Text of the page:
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Friday, November 2, 2012

The 7 Best Android Text-To-Speech Engines


Posting from Geoff Simmons at:
http://www.geoffsimons.com/2012/06/7-best-android-text-to-speech-engines.html#!/2012/06/7-best-android-text-to-speech-engines.html
 
One of the coolest things about Android is how you can plug'n'play different components. There are numerous different web browsers, email clients, music players, and text-to-speech (TTS) engines. At iHear Network, we get an inside look into what TTS engines people are using. What we have seen is roughly what you would expect, that people with better TTS engines listen to more content than the people with the default or worse engines.

I have personally used a number of different engines and voices. I evaluate a voice by the following characteristics:
Sonic Quality - Does it have a high enough resolution sample to be believable?
  • Meter - Is the pace of speaking consistent with what you would expect?
  • Variance - Does the voice account for any difference based on the inflection of the word in context? This is generally pretty hard to do, so voices that excel here get a few bonus points, but it can be taken too far (see below).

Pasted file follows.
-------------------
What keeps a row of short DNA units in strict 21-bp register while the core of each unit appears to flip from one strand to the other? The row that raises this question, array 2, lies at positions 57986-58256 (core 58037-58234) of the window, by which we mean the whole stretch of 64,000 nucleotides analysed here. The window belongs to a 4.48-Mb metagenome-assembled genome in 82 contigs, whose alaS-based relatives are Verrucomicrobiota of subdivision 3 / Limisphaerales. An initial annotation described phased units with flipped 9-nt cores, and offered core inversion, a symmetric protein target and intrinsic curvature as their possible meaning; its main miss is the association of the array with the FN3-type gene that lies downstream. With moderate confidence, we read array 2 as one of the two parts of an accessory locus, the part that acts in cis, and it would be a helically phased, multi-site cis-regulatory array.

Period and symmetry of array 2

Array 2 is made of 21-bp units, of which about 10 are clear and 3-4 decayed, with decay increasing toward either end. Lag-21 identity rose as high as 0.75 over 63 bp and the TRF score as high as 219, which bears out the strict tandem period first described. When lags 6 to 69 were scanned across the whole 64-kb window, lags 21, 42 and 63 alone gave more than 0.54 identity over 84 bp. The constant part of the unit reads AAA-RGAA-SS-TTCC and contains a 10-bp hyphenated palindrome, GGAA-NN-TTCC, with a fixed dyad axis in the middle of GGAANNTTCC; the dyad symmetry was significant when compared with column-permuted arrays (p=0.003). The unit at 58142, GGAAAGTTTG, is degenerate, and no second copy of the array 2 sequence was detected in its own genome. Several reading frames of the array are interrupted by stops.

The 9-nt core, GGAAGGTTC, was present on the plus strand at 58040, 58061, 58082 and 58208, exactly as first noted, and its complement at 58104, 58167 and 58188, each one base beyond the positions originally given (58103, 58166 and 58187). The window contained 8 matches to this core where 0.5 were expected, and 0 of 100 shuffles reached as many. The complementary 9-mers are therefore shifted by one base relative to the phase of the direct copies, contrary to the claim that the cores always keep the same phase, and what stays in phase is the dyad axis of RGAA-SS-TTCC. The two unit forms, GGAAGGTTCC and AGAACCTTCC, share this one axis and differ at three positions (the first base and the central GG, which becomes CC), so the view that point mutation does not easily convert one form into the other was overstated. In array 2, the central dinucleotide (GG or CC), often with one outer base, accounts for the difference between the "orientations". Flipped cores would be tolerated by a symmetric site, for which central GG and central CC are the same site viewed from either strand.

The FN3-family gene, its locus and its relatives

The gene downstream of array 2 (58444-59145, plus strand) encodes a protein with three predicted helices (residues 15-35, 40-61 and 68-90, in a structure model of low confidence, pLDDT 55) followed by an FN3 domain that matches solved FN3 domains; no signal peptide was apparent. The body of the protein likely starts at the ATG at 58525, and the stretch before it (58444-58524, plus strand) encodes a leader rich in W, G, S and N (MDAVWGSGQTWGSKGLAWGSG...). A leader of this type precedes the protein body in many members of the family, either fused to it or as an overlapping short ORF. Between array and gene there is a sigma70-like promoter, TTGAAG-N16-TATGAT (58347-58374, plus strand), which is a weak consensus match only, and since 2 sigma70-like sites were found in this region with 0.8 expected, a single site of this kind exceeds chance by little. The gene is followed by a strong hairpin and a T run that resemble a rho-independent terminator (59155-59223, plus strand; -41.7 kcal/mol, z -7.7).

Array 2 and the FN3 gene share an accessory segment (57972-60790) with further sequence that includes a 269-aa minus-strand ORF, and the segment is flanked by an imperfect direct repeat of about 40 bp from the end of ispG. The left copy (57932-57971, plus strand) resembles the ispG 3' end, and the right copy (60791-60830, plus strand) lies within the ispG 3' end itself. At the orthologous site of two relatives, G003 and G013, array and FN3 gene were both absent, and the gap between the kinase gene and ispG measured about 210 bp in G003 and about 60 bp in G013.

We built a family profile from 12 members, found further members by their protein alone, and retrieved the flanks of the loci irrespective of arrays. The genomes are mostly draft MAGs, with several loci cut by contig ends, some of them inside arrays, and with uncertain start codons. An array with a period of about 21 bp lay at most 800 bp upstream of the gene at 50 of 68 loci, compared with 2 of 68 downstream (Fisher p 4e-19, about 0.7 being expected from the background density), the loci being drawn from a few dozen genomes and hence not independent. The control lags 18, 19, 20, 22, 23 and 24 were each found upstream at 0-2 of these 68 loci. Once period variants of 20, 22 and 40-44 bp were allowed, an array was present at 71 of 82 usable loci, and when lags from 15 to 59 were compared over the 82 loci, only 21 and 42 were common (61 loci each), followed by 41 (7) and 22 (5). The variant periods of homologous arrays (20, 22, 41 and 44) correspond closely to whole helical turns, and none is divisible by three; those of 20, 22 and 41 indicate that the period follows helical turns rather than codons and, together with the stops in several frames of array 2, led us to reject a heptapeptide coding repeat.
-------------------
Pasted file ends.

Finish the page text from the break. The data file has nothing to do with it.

To put a numeric value on the quality of a voice, we can compare the average number of plays per user for a given engine vs the average across all engines to obtain a relative playability score. Here are how they stack up:


[Update: The total for IVONA is now correct. Thanks for reporting that.]


IVONA Text-to-Speech HQ (FREE - ~250MB/voice)
Quality: 10 Meter: 8 Variance: 8 Playability: 7 Total: 33

Ivona voices are some of the best sounding voices, in my opinion, especially considering that they are all currently free. They seem to have more variations on how it says certain phrases, which makes reading longer articles more digestible and less robotic. It achieves this with a much larger data package that you need to download, which we recommend you do over WiFi to avoid extra data charges. Some people complain about Ivona being slow to start talking and/or that they experience delays during speech. I suspect this relates to how big the data set is and how their engine might synthesize speech. iHear Network has advanced speech caching to address this issue and deliver a very fluid experience with all engines, so your experience with IVONA may vary with other apps.